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Carbon Reduction, Brexit, Food Waste Focus of BFFF President’s Talk

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“Unlike most politicians, frozen food is totally trustworthy,” stated Nigel Broadhurst in harnessing the run-up to the general election in the United Kingdom to launch his own manifesto for the frozen food industry during a speech to 900 business leaders attending the British Frozen Food Federation’s (BFFF) Annual Luncheon at London’s Hilton Park Lane on November 26.

The BFFF president’s address highlighted the important role of frozen food in reducing the carbon footprint of the food supply chain and called on government officials to at long last resolve the Brexit issue.

Broadhurst, who is also joint managing director of Iceland Foods, praised the industry’s positive environmental impact in food waste reduction, lauded the nutritional quality of frozen food products and their ability to save consumers money, applauded the world class production standards of frozen food producers, and saluted their generation of skilled jobs throughout the supply chain.

“Our environmental credentials are first rate. We don’t fly fresh vegetables around the world every day, any necessary transport is done by much more efficient shipping routes generating much less carbon emissions, enabling us to guarantee high quality, convenient food, to be available 365 days a year.”

He also made the case for reduced food waste: It’s an amazing statistic, but it’s true, that in the UK we throw away around one third of the food we buy. Of that 61% or 4.1 million tons are avoidable. The most common reason for this waste is fresh food left unused and as an example, we throw away 1.4 million tons of fresh fruit and vegetables every year. UK households on average pay £420 for food each year that is thrown away. Every ton of food waste is responsible for 4.5 tons of CO2.”

This is yet another economic reason to switch to frozen, said the BFFF president, who added: “Freezing a crop such as peas, ensures the entire crop is available for sale as sometimes excess fresh crops need to be ploughed back into the field or left to rot simply because of their short life.”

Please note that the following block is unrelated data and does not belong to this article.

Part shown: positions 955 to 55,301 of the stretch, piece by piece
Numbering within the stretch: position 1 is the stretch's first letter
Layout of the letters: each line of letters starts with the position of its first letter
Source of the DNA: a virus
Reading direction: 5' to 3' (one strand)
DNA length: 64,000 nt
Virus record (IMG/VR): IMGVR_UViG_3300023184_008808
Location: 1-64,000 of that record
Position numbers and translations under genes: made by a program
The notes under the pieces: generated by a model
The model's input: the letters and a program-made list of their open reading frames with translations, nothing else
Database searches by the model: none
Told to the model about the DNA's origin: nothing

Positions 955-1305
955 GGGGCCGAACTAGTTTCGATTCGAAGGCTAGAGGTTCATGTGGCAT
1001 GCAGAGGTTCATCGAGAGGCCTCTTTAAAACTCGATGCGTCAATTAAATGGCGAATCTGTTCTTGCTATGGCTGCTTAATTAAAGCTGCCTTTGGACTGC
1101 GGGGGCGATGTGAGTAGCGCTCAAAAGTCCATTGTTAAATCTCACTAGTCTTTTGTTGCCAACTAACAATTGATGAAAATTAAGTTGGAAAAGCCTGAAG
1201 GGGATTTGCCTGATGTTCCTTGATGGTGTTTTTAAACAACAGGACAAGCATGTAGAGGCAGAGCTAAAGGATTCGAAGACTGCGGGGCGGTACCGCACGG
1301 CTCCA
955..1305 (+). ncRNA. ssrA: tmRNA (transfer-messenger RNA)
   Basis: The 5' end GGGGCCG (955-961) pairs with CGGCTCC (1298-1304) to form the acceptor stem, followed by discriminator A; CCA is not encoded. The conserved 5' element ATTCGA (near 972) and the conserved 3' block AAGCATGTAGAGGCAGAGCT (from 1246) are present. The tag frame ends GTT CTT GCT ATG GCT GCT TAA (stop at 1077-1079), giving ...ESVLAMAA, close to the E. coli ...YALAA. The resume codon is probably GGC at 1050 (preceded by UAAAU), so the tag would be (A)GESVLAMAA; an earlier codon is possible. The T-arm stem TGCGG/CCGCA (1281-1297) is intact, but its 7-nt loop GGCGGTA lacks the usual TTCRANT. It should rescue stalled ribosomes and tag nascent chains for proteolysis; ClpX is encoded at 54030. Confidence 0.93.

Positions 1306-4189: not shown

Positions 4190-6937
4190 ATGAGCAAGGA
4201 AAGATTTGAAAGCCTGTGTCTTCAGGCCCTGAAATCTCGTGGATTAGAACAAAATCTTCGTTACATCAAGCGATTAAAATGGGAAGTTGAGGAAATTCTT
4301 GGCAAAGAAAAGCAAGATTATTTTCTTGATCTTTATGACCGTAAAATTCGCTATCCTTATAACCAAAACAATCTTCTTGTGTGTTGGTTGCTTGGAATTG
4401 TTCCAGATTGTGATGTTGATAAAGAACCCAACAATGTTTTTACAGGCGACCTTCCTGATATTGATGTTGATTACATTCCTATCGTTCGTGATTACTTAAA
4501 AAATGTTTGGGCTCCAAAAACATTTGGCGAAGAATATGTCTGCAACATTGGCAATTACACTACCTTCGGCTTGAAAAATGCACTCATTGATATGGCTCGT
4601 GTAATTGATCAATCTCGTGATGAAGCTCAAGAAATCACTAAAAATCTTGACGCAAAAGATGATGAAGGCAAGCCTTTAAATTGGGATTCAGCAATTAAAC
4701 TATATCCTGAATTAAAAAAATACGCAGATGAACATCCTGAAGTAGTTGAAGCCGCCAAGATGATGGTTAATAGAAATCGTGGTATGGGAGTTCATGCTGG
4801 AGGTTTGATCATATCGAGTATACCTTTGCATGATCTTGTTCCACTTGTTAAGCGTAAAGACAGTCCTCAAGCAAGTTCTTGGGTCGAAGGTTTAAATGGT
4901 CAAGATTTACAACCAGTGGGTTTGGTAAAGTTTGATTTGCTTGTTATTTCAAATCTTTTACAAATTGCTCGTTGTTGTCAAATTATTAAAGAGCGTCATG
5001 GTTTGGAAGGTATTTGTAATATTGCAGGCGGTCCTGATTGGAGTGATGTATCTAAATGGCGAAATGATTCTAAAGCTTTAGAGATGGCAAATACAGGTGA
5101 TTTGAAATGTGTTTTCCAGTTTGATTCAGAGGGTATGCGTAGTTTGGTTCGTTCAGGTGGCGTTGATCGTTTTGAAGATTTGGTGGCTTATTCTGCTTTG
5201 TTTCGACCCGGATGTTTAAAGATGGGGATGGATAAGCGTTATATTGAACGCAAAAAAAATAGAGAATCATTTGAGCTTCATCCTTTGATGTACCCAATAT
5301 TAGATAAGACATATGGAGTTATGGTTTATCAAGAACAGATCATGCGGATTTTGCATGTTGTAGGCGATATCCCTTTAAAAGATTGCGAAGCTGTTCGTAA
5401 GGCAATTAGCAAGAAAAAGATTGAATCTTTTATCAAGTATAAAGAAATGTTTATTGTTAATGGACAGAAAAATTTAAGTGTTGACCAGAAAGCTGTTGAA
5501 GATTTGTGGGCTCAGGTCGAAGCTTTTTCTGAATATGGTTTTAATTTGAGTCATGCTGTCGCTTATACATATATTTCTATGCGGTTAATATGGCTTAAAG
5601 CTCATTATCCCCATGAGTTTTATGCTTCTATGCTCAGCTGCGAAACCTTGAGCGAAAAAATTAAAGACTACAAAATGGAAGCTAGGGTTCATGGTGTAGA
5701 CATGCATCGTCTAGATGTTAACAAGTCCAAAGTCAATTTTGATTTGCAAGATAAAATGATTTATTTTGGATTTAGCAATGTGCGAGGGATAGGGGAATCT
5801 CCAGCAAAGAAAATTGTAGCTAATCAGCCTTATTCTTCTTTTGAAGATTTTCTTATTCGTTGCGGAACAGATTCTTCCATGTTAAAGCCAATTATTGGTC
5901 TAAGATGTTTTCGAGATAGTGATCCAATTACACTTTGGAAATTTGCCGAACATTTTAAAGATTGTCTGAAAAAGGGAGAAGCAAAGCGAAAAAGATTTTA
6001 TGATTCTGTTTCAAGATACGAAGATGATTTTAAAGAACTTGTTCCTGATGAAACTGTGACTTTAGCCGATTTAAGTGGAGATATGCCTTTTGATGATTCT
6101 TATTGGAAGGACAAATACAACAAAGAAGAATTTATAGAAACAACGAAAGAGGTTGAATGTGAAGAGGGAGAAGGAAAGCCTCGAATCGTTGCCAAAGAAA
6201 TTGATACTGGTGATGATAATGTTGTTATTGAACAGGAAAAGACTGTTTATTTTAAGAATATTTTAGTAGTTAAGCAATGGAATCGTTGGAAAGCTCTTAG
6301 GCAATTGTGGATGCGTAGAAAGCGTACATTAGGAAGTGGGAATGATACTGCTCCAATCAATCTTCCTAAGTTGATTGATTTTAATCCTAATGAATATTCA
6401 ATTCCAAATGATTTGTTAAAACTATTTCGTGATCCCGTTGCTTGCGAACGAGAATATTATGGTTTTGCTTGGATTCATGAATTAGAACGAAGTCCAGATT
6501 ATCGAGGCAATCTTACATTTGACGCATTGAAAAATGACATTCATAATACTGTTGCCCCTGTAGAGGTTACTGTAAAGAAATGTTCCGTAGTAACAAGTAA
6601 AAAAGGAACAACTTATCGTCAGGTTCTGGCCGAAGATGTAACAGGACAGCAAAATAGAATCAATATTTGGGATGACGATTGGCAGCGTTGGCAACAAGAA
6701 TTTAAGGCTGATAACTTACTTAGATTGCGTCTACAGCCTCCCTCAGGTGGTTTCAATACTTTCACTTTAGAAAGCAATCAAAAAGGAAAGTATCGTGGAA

Broadhurst went on to highlight the nutritional value of frozen, saying: “Frozen food is much more nutritious than most fresh food items. We flash freeze our food, so we don’t have to use additional preservatives, maintaining freshness and integrity for much longer. Fresh produce loses vitamins during storage, but freezing vegetables uses nature’s pause button, locking in those crucial vitamins and minerals.”

He added: “So it is with great pride that I ask you to vote for frozen food and continue to collaborate together to foster an industry which delivers market leading growth, innovation that is second to none, investment in manufacturing and logistics capability and food of the safest, highest quality possible.”

Urgent Need for Brexit Resolution

Turning his attention to current political issues affecting the industry, the British Frozen Food Federation president called for a swift end to the uncertainty surrounding Brexit – whatever the outcome of the general election. He said that the “black cloud” of Brexit means important decisions about future investments are being delayed by many BFFF members.

“When I addressed you last year, I was confident that by this lunch date the dreaded Brexit would be long behind us, but sadly our beloved politicians have not only dragged decision making through months of debate and disagreement, but they have now effectively bounced it back to us in the form of a general election,” said Broadhurst.

He continued: “We all need a swift and decisive solution to the Brexit issue, whatever our individual political views or attitude to Brexit. I’m sure we all agree that our businesses have been seriously impacted by the level of uncertainty that is hovering over the UK like a heavy black cloud, and I am certain we all have examples of major decisions being held in abeyance until there is clarity on our position in relation to Europe.”

In addition to the Brexit uncertainly which is impacting currency, employment, future growth opportunities, exports and investment in capital projects, Broadhurst added that the consequence of ASF swine fever outbreak in China and other major pork production and consumption countries has created unprecedented demand for all forms of protein, resulting in higher prices for meat products.

“So, let’s hope that a general election result is able to draw a line under at least the Brexit issue,” said the BFFF president.

He concluded: “We are an alliance of foodservice, retail, manufacturing and trading professionals, skilled in the art of marketing, manufacturing and selling high quality frozen food products. Our industry is the fastest growing sector of the food industry with realistic sights on a combined turnover of £10 billion.”